Besides already definded themes, 10th Conference of the ELOA will merge with the multiplier event of the Erasmus+ project Old Guys Say Yes to Community, developed by four partners from the ELOA network.[2] It will thematise the pluralisation of transition to the after-working life phase with the emphasis on gender capital and the need to re-define gender capital in the third and fourth life stage. As revieled by the study Old Guys Say Yes to Community, significantly fewer men in the third and fourth life stages than women of the same age realise the importance of lifelong learning and of the advantages of active participation in the community. The low participation rates of older men in organised learning programmes and other free-time activities are evident from a number of research studies (Merriam and Kee, 2014; Schuller and Desjardins, 2007; Tett and Maclachlan, 2007), many of which link this to the men’s quality of life, which is lower than the opportunities available to them in their environments otherwise allow (Courtenay, 2000; Golding 2011a, 2011b; Oliffe and Han, 2014). Research also demonstrates that older men marginalise, isolate and alienate themselves more frequently than their female partners (McGivney, 2004; Williamson, 2011; Vandervoort, 2012; Holwerda et al., 2012), that they are more likely to be subjected to loneliness (Wang et al., 2002; Paúl and Ribeiro, 2009) and that they increasingly rely on their wives and life partners, depending on them emotionally as well as in terms of care, etc. (Vandervoort, 2012; Dettinger and Clarkberg, 2002).

Various statistical data, too, confirm that older men are less active than women. The largest discrepancy, in women’s favour, in participation in the community programmes of active ageing in the countries monitored by Eurostat found are in Sweden (14%), Denmark (9.9%), Finland (7.7%), Iceland (7%), Estonia (5.5%) and France (4.9%) (Eurostat, 2017). Although men are more active than women in Croatia, Germany, Turkey and Switzerland, the difference is practically negligible (between 0.2 and 0.6%) (Eurostat, 2017) and should be considered from cultural and religious aspects – but mainly through gender capital.[3] The discrepancy in Slovenia is 3% in women’s favour (Eurostat, 2017), but men’s participation in various organised programmes of active ageing is substantially more limited: the average share of men in Activity Day Centres in Ljubljana is 15%, while Adult Education Centres and the Third Age University are similarly perceived as predominantly women’s organisations managed by women. The reasons for men’s non-participation in the existing activities are, among others, the feminisation of the learning programmes and their staff (Carragher and Golding, 2015; Owens, 2000), the negative perception of their schooling in the past (Mark and Golding, 2012; McGivney, 1999, 2004), the weakening of cognitive and social capital, which is part of the ageing process and which determines men more than women (Merriam and Kee, 2014; Schuller and Desjardins, 2007; Tett and Maclachlan, 2007), etc.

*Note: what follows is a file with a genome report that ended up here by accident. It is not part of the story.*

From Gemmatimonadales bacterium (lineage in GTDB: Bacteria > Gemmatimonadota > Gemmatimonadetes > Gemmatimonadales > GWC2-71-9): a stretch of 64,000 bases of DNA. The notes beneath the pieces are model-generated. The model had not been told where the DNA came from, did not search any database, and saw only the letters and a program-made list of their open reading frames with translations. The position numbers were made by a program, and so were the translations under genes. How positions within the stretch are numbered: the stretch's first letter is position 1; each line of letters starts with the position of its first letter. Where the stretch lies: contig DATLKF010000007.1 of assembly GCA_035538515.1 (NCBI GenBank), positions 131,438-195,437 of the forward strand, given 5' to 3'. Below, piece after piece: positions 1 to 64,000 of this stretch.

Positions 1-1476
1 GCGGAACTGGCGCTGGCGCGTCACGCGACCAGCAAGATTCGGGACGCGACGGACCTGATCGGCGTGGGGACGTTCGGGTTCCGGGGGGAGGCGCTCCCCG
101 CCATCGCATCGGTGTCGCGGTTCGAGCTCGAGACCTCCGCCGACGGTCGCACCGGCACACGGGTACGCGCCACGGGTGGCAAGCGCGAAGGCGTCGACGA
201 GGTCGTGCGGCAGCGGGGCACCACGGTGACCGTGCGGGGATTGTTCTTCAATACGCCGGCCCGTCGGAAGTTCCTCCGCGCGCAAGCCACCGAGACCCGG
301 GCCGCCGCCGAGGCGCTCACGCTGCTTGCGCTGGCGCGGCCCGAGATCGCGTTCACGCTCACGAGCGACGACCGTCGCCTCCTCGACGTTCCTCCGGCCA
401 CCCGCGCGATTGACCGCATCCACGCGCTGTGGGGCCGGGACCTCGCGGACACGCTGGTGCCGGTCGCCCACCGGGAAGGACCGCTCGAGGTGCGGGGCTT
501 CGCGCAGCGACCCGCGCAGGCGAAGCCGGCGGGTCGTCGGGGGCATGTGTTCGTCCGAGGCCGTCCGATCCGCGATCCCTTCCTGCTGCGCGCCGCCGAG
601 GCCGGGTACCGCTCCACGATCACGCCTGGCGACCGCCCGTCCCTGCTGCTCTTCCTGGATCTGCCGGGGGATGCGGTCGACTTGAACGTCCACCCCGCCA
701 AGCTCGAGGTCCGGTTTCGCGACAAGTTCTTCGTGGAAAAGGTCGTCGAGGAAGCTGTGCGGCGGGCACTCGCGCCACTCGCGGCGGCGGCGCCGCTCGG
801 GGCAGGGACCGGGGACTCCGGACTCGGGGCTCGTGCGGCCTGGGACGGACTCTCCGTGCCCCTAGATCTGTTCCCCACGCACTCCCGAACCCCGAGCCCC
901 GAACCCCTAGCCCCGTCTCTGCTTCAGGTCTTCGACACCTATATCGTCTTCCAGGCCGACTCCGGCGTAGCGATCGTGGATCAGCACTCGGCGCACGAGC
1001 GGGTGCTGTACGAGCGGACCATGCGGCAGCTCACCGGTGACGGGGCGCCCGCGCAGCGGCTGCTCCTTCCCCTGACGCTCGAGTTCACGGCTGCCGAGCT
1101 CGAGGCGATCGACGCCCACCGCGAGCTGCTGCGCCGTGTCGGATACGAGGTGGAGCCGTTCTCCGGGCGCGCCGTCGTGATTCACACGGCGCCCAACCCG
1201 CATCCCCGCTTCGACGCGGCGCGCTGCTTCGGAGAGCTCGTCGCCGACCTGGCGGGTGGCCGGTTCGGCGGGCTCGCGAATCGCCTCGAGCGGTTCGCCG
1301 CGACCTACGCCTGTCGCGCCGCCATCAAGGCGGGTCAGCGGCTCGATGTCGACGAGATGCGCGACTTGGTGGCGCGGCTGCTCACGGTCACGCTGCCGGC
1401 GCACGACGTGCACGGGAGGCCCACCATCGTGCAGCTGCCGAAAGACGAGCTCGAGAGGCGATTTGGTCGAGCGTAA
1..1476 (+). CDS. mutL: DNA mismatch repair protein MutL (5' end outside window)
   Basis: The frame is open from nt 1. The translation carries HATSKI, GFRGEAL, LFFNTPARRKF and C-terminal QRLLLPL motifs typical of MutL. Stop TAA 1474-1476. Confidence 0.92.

In view of all the reasons it is important to establish why older men in a number of countries, including Slovenia, have been, essentially speaking, excluded as relevant participants in society, because the consequences of their marginalisation are dramatic. The men’s exclusion and inactivity in the third and fourth life stages have a significant impact on the quality of their lives, on cognitive and mental capital (Golding, 2011a, 2011b, Foresight Mental Capital and Wellbeing Project, 2008), on emotional well-being (Williamson, 2011) and, of course, most importantly, on their health (Coutenay, 2000; Giles et al., 2005; Golden, Conroy and Lawlor, 2009; Schmidt-Hertha and Rees, 2017). Numerous social factors strongly influence health quality, too. In their meta-analytic review of 148 studies, Holt-Lunstad, Smith and Layton (2010) concluded that individuals with sufficient interpersonal relationships have a 50% increased likelihood of survival compared to those who are lonely.